It’s very common for myths to keep a family from immunizing, and we do our best as pediatricians to combat them. But another thing that keeps kids from getting the shots they need to protect them from serious illness isn’t a myth, but a child’s very real fear of needles.
There have been several heartbreaking stories in the news lately of kids not receiving a vaccine due to needle phobia, and becoming sick, or worse. You might have heard the heartbreaking story of the six-year old in Florida who died by contracting rabies from a bat. His parents knew he was injured by the bat, but cited his fear of needles as the reason they opted to treat him at home rather than bring him in for appropriate treatment including a rabies vaccine. Unfortunately, once the symptoms of rabies start, it is almost always fatal.
There is almost certainly more to that story than we know, and a lot of reasons to be angry and upset that it happened. It’s so difficult to think about someone refusing a lifesaving vaccine for a child, and there is no question that this was a case of medical neglect. However, parents refuse vaccines because of their child’s needle phobia all the time - a 2012 study found that 8% of vaccine refusals were for this reason. Teens often fail to be immunized due to needle fear as well. Most of these refusals are for routine vaccines, ones that are not immediately life saving, as a rabies vaccine is. But refusal of any vaccine can be potentially dangerous. For example, we know that most children who die from influenza are unimmunized.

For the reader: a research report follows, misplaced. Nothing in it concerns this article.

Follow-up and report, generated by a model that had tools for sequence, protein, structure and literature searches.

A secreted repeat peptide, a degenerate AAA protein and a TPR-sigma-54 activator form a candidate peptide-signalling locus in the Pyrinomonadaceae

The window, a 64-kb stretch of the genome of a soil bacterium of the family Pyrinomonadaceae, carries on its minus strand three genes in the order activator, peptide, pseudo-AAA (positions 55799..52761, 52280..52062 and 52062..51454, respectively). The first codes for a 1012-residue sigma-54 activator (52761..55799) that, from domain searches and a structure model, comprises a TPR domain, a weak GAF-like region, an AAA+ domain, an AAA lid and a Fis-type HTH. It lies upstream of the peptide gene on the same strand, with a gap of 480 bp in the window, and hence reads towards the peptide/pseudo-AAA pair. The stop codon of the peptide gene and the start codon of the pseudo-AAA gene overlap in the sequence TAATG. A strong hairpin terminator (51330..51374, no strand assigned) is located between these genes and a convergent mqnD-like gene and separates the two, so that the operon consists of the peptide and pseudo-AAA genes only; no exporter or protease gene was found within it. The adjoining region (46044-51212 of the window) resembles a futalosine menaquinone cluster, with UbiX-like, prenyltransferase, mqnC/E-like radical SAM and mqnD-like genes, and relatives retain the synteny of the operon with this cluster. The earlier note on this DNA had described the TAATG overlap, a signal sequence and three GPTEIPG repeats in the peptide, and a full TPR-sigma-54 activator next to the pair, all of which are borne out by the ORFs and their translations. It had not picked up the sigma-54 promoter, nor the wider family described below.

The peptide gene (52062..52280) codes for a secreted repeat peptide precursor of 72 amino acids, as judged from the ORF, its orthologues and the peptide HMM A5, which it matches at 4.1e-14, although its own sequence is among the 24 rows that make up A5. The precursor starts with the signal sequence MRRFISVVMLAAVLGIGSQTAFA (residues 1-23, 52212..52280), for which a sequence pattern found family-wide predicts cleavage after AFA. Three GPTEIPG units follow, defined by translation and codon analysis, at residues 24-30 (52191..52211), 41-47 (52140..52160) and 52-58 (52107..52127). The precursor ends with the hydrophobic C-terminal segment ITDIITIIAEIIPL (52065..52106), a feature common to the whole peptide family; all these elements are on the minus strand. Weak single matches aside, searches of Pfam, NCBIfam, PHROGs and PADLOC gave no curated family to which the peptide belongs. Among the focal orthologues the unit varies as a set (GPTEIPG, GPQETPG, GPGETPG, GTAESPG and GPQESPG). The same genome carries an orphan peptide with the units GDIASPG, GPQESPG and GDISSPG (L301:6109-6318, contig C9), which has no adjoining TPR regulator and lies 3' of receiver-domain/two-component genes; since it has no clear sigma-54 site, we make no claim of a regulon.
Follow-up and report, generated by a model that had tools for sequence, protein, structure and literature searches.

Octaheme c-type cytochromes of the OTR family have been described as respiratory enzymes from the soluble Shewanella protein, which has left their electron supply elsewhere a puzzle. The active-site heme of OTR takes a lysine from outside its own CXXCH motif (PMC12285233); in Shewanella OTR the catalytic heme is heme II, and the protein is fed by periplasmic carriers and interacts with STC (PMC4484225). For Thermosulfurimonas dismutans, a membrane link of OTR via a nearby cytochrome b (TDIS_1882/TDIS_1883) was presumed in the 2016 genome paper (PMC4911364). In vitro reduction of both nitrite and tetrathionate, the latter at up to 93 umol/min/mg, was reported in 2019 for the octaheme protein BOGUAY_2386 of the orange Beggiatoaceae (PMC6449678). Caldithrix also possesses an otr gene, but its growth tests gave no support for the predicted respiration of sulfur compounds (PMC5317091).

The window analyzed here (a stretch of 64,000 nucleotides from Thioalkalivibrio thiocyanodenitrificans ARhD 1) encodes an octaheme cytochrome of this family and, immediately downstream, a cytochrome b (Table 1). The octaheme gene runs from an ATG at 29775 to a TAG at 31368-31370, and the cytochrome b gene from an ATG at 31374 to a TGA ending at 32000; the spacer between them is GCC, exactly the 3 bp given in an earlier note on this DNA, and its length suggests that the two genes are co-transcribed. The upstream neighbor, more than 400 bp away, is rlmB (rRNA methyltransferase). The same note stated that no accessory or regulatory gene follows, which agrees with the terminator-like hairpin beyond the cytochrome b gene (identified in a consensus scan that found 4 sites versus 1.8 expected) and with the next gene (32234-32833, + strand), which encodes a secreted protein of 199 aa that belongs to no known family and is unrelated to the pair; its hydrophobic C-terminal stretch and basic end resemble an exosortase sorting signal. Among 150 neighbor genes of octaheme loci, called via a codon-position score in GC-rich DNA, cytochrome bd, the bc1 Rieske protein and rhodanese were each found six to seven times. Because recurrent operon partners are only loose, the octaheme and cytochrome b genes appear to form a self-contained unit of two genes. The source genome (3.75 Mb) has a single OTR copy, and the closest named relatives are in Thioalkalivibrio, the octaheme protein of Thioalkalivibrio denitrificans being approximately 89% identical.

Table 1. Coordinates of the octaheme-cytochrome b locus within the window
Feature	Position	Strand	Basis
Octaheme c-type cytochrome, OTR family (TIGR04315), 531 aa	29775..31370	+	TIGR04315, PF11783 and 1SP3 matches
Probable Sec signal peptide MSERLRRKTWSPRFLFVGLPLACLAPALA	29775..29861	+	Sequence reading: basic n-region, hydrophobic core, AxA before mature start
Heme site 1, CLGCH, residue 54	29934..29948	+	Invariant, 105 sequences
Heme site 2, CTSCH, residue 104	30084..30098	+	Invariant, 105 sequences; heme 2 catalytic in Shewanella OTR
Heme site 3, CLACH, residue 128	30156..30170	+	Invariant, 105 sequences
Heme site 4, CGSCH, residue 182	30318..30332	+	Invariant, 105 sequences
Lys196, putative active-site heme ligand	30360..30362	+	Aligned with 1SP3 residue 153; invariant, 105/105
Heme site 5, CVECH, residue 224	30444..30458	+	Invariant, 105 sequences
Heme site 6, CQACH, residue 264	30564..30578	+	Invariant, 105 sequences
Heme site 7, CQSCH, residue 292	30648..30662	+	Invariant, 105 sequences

I bring these examples up, not to scare parents into immunizing, but to help parents understand why it’s so important to create a culture in their house in which children can become comfortable and accepting, rather than fearful, about vaccines. Here are some of my suggestions on how you can do this. I’d love to hear your stories about how you help your child cope with immunizations on Twitter or Facebook.
Read about it. From the earliest age, you can read to your child about immunizations. It’s a great way to spend some of that important daily time reading together. There are a ton of books that can help walk your child through what a checkup is like, and how to cope with getting a vaccine. And if you’re looking for one specifically about getting a flu shot, I recommend The Shots Book: A Little Brother’s Superhero Tale, by then-fourteen-year-old Ethan Posard. It's by far my favorite vaccine-related children's book.
Act it out. Perhaps my favorite advice is to play-act doctor visits with your child. Seriously, one of the best birthday presents for a two or three year old is a toy doctor's kit, as long as it is intended for the right age. When you play with your child, act out the parts of the doctor visit, including getting a blood pressure taken, and ear exam, and giving an immunization. Some of my favorite well-child visits are with young kids that are anticipating the parts of the exam in advance!